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La Gomera’s Giant Lizard population continues to grow 


A new census of the Giant Lizard which lives on La Gomera is to be carried out in 2017.

Control work will also continue and there will be various activities in educational centres.

Currently more than 500 specimens live in their natural habitat and 280 do so in the recovery centre of Valle Gran Rey.

The island’s president, Casimiro Curbelo, stressed the desire to ensure the survival of the Giant Lizard and make the island’s inhabitants the greatest allies of its conservation.

In this regard, he recalled that a set of initiatives has been developed that have allowed the dissemination of the species and knowledge of it in the educational centres of the island so that the smallest of conservation efforts are encouraged.

He emphasised the plan of recovery of the species in force since 2006, being the main line of work that has been followed in these years. This initiative has managed to increase the population in the natural environment and also to establish actions for the control of the predators of the species.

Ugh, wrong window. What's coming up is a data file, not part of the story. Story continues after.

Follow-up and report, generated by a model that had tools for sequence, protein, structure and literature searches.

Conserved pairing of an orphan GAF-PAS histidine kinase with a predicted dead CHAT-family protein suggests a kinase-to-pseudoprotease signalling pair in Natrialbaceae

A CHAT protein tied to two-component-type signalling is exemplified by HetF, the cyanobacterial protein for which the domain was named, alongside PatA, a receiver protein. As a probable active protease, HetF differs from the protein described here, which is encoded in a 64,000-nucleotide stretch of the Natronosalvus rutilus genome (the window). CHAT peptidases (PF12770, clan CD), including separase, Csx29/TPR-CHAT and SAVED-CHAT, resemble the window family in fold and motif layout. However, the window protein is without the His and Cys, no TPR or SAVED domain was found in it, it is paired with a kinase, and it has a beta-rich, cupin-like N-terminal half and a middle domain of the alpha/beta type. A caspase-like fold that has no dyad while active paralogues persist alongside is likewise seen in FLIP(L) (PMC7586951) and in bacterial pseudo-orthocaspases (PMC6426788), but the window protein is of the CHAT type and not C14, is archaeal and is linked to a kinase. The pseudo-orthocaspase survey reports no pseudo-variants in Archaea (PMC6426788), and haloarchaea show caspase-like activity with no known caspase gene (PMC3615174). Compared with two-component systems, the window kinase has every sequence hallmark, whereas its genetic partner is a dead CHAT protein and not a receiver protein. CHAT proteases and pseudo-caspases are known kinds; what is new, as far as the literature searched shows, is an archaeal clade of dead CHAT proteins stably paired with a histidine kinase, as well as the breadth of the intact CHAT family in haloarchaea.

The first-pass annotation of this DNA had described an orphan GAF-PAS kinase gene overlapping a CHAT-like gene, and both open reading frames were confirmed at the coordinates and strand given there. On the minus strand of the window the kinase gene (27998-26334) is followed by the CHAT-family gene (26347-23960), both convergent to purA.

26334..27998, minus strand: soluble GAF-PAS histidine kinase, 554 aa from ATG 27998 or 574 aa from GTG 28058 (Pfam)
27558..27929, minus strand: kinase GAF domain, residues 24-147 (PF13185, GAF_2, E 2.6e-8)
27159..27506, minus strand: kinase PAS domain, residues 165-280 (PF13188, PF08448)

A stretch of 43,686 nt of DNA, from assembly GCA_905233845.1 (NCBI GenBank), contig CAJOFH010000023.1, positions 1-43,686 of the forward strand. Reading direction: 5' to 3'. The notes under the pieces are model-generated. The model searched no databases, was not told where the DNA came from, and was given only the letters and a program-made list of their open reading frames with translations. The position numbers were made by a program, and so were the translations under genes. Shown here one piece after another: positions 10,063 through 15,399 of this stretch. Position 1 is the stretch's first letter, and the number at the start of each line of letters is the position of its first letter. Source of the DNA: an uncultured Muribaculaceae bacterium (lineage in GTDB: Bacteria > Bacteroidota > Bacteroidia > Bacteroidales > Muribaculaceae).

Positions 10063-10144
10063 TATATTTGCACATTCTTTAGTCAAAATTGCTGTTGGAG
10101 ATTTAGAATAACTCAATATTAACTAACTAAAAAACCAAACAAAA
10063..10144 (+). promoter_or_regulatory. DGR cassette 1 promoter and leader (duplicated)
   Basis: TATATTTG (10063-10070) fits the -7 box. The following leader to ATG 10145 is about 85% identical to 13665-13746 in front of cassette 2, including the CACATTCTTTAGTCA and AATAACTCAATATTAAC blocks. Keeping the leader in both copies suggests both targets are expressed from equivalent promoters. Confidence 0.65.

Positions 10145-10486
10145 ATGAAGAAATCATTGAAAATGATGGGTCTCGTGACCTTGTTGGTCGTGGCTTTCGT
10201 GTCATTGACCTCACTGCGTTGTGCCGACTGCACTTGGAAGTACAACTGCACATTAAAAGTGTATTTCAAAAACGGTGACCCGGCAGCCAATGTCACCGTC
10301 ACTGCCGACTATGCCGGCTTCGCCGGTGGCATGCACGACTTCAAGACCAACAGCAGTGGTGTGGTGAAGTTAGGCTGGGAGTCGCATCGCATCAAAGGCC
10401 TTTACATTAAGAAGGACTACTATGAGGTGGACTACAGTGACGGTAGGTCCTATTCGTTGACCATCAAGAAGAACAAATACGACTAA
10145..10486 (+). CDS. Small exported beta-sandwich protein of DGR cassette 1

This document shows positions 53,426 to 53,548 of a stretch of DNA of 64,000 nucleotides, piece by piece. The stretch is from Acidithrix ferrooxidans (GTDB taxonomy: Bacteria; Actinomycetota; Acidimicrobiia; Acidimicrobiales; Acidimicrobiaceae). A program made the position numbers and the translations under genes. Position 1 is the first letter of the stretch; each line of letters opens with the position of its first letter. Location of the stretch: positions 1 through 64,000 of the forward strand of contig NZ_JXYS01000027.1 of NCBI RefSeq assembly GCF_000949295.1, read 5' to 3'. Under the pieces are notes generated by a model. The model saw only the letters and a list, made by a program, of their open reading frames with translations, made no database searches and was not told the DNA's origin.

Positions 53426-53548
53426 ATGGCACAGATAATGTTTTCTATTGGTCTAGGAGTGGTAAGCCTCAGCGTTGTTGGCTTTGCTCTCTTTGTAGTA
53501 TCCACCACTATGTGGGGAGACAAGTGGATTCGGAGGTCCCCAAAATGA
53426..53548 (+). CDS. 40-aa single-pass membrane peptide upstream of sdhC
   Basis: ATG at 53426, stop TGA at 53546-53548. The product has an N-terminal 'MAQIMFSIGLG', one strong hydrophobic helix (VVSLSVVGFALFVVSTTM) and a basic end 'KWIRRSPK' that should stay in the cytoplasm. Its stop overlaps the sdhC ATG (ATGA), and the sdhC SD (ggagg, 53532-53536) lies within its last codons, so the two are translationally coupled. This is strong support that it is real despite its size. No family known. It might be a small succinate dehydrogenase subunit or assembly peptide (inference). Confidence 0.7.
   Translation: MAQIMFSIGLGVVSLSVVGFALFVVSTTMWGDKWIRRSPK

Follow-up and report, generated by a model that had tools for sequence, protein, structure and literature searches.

Councillor for territory development, Alfredo Herrera explained that in the past year about 100 lizards have been released, creating three small groups in an area that meets the requirements for species growth. In addition, the relea-ses are allowing consolidation of populations and dispersal of the specimens in areas where the chances of survival are high.

Before the releases, life in captivity is set as a process of adaptation and learning of the specimens. At present, the recovery centre divides 280 lizards into two groups. On the one hand, the breeding specimens that guarantee the continuity of the species, and on the other hand are the younger lizards that are prepared for the expected releases.

Sr. Herrera explained that although the species is still in danger of extinction, the current situation is much better than in 1999 when the first specimens were found.

The latest data show the existence of 780 lizards, counting those who are already living in freedom and those who are in the recovery centre.

He added that these figures will be updated once the new census of the species is planned for this year.